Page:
What’s your New Year’s resolution?
Less choccy biscuits and more counting the pounds?
Us too, but only were the pounds have effected the retailer… and that’s the bottom line.
So we’ve decided to look back and see what they can learn from all that was in store for them at the end of 2013.
It wasn’t just the turkeys that were hesitant to go out in late November. Shoppers left it until the last two weeks of December before getting into a flap.
This fostered a flurry of deals and one day offers that quickly snowballed into an avalanche of early sales. In a bizarre turn of events, retailers forced themselves into heavy discounts far earlier than they were comfortable with.
As a result, it not only left stores fearing for their projected profits, but also took the wind out of their post-Christmas sales.
This, coupled with external factors, also left many shops with excess stock.
Now we’re not one to moan about good weather, but the fashion retails were less than pleased when a mild start to winter left them knee deep in unsold knitwear.
It’s no secret that M&S also struggled, reporting yesterday that clothing sales were down by 2.1%. This may not seem like very much, but on a multinational scale it rapidly became a million pound problem.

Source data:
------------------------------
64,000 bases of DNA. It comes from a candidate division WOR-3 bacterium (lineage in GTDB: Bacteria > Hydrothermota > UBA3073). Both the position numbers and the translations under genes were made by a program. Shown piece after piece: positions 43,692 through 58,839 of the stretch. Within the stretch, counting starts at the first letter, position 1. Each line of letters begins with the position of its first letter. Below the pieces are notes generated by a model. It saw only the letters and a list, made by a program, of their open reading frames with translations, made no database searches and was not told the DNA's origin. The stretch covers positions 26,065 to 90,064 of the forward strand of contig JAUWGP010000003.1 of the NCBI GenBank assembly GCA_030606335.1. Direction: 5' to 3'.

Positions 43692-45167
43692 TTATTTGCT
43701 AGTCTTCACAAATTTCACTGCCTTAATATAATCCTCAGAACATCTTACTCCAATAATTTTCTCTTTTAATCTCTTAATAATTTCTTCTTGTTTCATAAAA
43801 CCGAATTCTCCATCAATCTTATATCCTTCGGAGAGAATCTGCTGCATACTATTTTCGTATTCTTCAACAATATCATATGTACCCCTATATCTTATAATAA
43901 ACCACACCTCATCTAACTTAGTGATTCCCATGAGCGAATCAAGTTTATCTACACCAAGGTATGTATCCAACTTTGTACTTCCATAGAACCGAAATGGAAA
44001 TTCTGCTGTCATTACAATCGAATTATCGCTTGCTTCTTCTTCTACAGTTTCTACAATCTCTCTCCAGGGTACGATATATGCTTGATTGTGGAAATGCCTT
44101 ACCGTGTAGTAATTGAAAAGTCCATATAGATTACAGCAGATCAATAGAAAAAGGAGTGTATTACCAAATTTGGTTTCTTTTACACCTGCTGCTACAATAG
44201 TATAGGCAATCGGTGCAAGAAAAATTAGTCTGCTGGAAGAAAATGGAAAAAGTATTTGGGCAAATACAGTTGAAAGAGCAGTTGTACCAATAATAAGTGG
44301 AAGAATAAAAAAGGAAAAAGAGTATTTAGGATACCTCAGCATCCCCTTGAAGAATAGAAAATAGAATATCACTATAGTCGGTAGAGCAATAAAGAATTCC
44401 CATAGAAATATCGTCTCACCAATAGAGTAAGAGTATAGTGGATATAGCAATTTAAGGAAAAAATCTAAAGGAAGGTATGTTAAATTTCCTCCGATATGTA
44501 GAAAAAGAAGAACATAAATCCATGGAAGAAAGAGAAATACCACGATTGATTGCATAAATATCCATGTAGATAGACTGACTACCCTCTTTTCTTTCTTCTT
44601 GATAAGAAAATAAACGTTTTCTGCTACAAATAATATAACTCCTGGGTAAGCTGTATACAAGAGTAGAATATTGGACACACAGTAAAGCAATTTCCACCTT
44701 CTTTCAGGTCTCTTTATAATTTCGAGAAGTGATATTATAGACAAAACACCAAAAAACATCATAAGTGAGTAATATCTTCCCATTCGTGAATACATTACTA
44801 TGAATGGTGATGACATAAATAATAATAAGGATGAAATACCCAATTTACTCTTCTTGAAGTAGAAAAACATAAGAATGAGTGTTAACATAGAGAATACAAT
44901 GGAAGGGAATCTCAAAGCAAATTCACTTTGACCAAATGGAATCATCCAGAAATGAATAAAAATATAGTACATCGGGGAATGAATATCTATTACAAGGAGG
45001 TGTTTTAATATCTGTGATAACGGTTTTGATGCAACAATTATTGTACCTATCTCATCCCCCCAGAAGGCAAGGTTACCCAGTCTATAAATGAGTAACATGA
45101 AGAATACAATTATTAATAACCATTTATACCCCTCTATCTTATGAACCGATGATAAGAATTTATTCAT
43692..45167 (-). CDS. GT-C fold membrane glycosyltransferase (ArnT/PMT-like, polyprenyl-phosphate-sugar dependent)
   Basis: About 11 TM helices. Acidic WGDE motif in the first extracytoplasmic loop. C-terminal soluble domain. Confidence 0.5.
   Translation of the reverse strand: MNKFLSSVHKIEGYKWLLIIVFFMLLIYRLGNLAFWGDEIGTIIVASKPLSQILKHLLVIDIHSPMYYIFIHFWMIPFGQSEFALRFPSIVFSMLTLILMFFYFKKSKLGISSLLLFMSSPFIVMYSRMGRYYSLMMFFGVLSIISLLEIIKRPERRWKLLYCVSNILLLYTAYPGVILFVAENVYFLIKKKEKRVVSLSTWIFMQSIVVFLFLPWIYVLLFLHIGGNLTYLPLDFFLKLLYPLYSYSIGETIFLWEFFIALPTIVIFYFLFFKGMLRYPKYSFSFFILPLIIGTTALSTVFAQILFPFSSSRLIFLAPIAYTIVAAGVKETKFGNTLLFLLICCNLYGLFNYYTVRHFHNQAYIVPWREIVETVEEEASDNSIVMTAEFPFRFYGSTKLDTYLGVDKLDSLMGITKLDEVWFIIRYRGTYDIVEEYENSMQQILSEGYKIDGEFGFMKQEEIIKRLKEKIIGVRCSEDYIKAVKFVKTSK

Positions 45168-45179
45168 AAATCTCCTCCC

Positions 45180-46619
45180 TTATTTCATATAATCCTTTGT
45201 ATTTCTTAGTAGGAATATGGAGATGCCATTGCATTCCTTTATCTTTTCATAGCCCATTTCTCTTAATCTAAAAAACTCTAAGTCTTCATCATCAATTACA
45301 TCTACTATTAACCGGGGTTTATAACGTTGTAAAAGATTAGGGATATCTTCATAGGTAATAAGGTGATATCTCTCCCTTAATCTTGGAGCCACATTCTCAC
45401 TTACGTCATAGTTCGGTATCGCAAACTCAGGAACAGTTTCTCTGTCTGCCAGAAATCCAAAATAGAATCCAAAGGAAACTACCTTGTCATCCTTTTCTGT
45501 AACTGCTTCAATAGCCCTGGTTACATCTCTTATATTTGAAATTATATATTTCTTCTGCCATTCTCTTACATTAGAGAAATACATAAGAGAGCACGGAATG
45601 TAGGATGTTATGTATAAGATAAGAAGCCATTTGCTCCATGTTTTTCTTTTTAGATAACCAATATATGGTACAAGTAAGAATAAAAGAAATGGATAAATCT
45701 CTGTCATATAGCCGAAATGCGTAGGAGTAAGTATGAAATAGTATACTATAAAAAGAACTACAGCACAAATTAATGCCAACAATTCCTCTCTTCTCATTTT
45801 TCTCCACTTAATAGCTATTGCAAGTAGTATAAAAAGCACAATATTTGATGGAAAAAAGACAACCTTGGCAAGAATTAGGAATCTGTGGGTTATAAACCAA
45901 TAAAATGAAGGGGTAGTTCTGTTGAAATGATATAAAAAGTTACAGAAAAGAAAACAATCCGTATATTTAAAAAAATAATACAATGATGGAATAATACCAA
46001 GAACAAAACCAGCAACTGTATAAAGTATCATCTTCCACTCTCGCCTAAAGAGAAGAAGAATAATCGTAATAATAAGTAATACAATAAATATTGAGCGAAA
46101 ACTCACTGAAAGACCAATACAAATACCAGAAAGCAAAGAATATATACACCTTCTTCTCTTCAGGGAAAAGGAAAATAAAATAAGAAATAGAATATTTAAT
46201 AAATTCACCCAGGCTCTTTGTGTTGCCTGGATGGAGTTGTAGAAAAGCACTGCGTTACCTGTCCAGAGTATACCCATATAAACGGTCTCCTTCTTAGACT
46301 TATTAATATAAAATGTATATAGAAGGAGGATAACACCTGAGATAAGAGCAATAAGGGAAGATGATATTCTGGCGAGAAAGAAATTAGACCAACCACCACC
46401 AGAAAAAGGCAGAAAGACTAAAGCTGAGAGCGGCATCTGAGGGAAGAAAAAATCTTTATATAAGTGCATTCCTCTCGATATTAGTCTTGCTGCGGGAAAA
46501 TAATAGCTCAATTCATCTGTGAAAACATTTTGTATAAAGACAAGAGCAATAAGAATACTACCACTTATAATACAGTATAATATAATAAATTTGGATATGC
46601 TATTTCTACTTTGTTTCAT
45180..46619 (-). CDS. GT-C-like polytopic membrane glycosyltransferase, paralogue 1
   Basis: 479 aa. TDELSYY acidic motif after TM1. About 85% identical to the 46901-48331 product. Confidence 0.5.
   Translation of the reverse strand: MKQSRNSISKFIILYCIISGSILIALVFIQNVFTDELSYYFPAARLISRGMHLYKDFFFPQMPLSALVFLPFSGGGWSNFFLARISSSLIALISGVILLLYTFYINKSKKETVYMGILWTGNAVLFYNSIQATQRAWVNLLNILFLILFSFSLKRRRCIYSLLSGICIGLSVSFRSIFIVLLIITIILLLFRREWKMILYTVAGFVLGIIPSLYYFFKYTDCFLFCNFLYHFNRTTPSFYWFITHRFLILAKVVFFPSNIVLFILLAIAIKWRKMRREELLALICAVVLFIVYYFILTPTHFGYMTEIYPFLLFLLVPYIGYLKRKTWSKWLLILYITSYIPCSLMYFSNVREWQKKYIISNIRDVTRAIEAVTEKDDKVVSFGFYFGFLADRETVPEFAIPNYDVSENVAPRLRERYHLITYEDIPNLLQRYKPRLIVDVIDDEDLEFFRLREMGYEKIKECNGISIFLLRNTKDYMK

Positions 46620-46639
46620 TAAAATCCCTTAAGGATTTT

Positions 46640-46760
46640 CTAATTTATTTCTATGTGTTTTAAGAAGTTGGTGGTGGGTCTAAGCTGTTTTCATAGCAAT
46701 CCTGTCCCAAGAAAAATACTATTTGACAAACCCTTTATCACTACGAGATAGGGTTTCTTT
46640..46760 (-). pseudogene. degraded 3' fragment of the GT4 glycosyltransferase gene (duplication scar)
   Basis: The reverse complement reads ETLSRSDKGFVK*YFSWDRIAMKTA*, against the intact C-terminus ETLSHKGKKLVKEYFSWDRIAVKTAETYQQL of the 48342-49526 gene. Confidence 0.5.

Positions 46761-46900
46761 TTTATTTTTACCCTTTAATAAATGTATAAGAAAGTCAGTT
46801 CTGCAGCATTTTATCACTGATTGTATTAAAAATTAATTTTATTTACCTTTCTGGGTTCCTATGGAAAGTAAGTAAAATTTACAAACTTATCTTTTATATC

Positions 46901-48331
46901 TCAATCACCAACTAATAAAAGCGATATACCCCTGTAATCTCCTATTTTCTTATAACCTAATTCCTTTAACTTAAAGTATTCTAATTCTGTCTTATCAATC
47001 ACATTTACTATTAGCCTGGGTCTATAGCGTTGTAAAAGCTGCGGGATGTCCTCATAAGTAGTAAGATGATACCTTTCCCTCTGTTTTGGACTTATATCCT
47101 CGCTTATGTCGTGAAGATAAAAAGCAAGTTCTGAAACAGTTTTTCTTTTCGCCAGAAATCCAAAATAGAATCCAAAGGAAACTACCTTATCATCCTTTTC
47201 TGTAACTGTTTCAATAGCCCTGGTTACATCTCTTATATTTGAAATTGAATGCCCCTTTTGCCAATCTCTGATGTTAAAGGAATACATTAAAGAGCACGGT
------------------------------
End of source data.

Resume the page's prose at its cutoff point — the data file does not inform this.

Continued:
However, some forward-thinking retailers did get the balance right.
Next championed a multi-channel approach, introducing iPads in-store so that if a shopper couldn’t find what they wanted on the rail, they could easily order it online, then and there.
With internet purchases growing by a staggering 19.2%, the fastest increase in four years, it’s clear that most physical stores can’t afford to be constrained by their four walls.
So, what’s the moral of story as Northern Ireland’s economy expected to expand by 1.5% this year, compared to 1% in 2013?
Savvy retailers have the opportunity to buy and sell their competition. But only if they pledge to take time to read the market.
Now that’s a New Year’s resolution we promise to keep.